Due to coronavirus, Openreach engineers are only going into houses for installations where a vulnerable customer would otherwise be without a connection. Most consumers won’t require a home visit, so should still be able to upgrade from an ADSL to superfast broadband. Those wanting to switch should do it online to avoid overloading providers’ call centres, which are focusing on helping vulnerable customers.
Adelana Carty, broadband expert at Uswitch.com, comments: “The lockdown is testing households’ broadband connections to the limit, as multiple devices use the internet around the clock.
“The average household has up to five devices using the internet at any one time, and connections can struggle when numerous people are streaming television and films or using video calling at the same time.
“It’s already a very challenging time for many households, but having a reliable broadband connection can at least give a bit more stability to services many are increasingly reliant on.
“If you’re finding that web pages are failing to load, or streaming videos are constantly buffering, it’s worth trying our tips to keep you connected. Some straightforward steps like rebooting your router or turning off your HD streaming can really make a difference.
“For those struggling on slower ADSL connections, where an upgrade could make a really noticeable difference to day-to-day use, it is often possible to move to superfast broadband without the need for an engineer to visit, and potentially save money at the same time.”
Find out how you could save nearly £1,000 a year with Uswitch here.
1. Opinium surveyed a sample of 2,002 UK adults from the 9th to 14th April 2020. Results were weighted to reflect a nationally representative criteria. Respondents were asked ‘Considering the current social distancing measures, how many hours a week is your household now spending online for each of the following activities?’ The average total was 41.3 hours.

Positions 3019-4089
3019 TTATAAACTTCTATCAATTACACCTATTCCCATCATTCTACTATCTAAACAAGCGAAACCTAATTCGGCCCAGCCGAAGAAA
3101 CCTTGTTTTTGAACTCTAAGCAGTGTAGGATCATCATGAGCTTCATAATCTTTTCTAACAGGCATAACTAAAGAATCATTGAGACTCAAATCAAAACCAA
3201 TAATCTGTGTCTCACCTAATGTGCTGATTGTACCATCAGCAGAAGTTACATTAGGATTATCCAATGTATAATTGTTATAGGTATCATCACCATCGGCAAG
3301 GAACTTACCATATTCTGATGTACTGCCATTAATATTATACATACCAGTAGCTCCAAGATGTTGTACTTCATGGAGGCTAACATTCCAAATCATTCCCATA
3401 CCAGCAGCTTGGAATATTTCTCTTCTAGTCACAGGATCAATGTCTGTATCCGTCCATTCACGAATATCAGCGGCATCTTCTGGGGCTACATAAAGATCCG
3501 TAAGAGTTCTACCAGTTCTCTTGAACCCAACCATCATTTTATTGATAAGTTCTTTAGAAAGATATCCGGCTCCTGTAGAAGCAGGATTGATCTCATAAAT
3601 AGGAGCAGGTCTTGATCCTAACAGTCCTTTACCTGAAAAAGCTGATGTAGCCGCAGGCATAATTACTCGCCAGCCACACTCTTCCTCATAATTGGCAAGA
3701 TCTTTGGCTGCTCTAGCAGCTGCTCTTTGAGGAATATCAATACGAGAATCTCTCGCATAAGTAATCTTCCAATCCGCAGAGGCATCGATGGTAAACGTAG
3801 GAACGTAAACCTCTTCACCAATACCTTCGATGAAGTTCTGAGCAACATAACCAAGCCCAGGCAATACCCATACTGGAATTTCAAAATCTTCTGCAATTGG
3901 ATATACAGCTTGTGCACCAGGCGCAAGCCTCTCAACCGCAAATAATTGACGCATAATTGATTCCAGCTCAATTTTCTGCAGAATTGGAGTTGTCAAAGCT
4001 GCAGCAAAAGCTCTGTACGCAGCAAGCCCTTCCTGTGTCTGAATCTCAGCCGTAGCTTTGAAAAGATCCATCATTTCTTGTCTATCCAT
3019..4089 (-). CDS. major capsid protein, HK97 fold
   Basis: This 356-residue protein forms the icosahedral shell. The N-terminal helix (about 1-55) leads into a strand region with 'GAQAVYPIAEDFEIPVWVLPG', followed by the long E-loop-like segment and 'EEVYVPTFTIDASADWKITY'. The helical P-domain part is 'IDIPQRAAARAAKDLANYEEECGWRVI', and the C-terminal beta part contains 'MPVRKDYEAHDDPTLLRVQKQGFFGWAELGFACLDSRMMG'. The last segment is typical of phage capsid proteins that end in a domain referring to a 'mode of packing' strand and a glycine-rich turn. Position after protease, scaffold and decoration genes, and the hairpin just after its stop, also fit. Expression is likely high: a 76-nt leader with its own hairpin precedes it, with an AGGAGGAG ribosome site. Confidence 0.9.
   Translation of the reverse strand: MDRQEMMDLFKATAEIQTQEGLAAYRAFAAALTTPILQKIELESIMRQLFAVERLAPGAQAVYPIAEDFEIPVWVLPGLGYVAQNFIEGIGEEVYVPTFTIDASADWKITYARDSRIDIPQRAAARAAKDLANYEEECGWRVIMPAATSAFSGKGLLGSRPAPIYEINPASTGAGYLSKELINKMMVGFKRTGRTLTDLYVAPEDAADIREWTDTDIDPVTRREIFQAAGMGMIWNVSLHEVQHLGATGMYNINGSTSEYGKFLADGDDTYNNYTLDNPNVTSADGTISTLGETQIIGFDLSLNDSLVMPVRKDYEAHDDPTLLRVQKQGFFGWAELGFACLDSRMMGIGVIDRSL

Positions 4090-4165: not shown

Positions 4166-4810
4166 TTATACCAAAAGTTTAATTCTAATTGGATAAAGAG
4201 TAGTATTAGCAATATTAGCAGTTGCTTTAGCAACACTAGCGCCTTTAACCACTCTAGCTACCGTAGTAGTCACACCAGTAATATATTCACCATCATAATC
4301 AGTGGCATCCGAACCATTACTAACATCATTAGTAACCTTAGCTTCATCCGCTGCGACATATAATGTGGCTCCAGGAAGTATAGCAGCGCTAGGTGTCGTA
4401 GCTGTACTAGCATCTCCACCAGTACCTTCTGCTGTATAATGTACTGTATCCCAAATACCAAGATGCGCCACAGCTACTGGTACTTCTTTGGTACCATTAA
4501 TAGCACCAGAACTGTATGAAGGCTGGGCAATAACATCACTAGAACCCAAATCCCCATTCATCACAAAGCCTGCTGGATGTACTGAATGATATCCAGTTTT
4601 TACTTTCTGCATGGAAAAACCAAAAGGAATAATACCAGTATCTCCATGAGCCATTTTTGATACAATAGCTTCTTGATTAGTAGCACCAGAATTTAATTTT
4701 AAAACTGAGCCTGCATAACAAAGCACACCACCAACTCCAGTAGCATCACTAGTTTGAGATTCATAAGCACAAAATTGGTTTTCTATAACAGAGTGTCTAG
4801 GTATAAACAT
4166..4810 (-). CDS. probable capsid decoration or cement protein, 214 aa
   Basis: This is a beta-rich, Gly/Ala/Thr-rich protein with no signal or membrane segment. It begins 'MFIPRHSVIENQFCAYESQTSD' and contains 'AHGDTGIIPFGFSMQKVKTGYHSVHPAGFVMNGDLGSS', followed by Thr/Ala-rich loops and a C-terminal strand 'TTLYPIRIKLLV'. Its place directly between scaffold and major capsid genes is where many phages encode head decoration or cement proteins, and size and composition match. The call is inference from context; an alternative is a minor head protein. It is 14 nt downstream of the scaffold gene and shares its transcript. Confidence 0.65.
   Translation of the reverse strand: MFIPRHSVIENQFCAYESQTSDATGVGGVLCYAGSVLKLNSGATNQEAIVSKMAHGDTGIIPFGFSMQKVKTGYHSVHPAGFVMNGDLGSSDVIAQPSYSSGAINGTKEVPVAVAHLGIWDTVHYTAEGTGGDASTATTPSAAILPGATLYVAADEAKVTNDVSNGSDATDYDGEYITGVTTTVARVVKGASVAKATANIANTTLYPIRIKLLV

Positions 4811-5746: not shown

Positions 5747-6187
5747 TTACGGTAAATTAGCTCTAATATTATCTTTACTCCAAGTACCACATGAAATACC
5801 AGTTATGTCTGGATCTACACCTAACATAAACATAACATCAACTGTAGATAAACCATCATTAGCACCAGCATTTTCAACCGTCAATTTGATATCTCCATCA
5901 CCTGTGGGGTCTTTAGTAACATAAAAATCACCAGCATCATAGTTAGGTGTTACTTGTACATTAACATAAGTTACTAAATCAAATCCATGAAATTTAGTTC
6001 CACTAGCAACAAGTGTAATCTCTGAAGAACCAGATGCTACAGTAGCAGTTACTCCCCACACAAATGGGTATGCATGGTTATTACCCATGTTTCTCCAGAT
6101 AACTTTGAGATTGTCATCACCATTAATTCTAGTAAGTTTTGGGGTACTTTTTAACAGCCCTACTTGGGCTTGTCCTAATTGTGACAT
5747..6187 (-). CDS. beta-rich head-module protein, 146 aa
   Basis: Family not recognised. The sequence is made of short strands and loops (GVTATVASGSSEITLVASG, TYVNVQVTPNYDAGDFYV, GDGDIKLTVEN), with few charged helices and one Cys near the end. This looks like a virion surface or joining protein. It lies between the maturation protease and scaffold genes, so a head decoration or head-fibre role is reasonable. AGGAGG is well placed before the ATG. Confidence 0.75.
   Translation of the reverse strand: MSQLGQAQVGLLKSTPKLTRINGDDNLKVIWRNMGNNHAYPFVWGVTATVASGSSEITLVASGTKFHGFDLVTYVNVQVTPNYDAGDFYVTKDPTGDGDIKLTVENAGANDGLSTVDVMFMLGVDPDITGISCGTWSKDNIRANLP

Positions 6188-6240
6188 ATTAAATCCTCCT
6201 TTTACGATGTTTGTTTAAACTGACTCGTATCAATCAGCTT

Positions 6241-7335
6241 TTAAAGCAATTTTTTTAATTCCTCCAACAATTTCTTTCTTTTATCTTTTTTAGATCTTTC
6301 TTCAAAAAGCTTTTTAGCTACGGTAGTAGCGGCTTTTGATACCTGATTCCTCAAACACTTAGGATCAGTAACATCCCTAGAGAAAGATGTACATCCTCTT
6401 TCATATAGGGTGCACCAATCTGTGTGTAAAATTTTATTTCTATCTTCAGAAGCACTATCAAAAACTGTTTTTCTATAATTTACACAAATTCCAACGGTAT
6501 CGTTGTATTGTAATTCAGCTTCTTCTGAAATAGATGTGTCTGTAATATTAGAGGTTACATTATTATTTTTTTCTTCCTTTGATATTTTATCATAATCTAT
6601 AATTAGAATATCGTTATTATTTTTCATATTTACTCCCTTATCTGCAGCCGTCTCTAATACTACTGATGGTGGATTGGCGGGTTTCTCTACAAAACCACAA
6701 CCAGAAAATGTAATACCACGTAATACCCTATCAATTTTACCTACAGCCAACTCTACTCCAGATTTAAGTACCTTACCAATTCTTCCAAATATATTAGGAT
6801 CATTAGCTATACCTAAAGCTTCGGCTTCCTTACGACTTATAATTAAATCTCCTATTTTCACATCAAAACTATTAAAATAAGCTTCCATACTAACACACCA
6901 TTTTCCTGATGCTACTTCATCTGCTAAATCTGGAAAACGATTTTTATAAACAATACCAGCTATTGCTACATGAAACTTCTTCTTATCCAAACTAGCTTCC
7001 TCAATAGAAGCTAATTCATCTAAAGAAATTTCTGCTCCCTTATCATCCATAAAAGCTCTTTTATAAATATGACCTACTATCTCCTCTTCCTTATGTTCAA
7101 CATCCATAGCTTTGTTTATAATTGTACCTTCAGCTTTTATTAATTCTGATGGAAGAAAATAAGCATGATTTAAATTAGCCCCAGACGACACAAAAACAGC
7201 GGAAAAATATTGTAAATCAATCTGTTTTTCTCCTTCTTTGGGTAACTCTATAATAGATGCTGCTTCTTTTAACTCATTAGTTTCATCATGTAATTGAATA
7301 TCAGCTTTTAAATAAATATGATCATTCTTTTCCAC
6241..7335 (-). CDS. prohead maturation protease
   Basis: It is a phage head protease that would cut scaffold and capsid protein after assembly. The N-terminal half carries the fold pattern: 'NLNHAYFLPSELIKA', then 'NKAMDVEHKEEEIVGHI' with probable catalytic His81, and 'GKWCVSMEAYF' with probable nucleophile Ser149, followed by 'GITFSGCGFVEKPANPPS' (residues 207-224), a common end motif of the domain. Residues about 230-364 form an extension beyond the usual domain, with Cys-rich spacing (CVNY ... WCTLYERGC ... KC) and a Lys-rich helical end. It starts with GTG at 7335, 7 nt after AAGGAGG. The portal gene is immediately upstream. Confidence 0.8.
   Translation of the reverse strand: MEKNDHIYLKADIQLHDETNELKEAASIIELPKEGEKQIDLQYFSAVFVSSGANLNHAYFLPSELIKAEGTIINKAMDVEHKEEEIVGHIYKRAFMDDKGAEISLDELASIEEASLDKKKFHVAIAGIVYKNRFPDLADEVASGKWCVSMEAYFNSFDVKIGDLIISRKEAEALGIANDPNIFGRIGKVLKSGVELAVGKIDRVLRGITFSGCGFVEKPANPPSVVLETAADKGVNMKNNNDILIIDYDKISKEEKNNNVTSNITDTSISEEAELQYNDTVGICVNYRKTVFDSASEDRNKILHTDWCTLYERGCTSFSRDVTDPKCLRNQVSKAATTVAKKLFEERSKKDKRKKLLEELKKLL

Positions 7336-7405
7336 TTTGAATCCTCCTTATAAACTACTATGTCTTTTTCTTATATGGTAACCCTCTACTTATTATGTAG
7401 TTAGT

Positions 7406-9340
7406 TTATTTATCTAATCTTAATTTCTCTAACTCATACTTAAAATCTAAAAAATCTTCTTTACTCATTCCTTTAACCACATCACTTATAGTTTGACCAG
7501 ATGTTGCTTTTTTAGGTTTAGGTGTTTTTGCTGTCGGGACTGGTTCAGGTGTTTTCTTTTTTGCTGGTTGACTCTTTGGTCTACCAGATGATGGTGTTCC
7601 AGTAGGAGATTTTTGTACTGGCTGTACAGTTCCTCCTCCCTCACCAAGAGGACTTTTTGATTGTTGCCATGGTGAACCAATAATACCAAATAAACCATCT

2. Respondents were asked ‘Thinking back to before the current social distancing measures were in place, approximately how many hours a week would your household use the internet for each of the following?’ The average total was 32.1 hours. 41.3 - 32.1 hours = 9.2 hours. 9.2 / 32.1 = 28.7%.
3. Respondents were asked ‘How many of each of the following devices do you have in your household that can connect to the internet?’ The average total for households was eight devices, including 2 smartphones, 1.4 laptops, 1.3 tablets, 1 smart TV, 0.7 desktop computers, 0.7 gaming consoles, 0.4 virtual assistant, 0.4 smart speaker, 0.2 smart thermostat and 0.2 smart doorbell.
4. Respondents were asked ‘What is the maximum number of devices you have on and connected to your home broadband at a time?’ The average reply was 4.8 devices. The average reply for households with at least one child under the age of 18, was 6.9 devices.
5. Work increased from 5.1 to 8.5 hours. Percentage increase = 66.67%. School/college work increased from 2.6 to 3.5 (34.6%), Gaming from 4.5 to 5.7 (26.7%). Streaming TV and films from 6.5 to 7.9 (21.5%). Social media from 7.1 to 7.7 (8.5%). Online shopping from 3.5 to 3.8 (8.6%).
6. Respondents were asked ‘Considering the current social distancing measures, how many hours a week is your household now spending online for each of the following activities?’ Video calls increased from 2.8 to 4.2 (50%).
7. See table in release.
8. Respondents were asked ‘Have you had any problems with your internet connection in the past week that you don’t usually suffer?’ 21% replied ‘Yes’. 35.4% of those with an ADSL connection replied ‘Yes’, 20.7% of those with a superfast connection replied ‘Yes’. 13% of those with an ultrafast connection replied ‘Yes’.
9. Respondents were asked ‘What problems have you had with your internet connection?’ 49% replied ‘Internet cutting out’. 33% replied ‘Videos buffering’.
It’s all about “U”!
Thank you for indulging us over the last 20 years by using a small ‘u’ and a big ‘S’ when writing about our brand in your articles.
We are delighted to let you know that you are now off the hook - it’s big U’s all the way (and small s’s) as we undertake our biggest ever rebrand - so let your autocorrect go wild!
Uswitch is the UK’s top comparison website for home services switching. Launched in September 2000, we help consumers save money on their gas, electricity, broadband, mobile, TV, and financial services products and get more of what matters to them. Last year we saved consumers over £373 million on their energy bills alone.
If you would no longer like to receive our press releases please email email@example.com with 'unsubscribe'.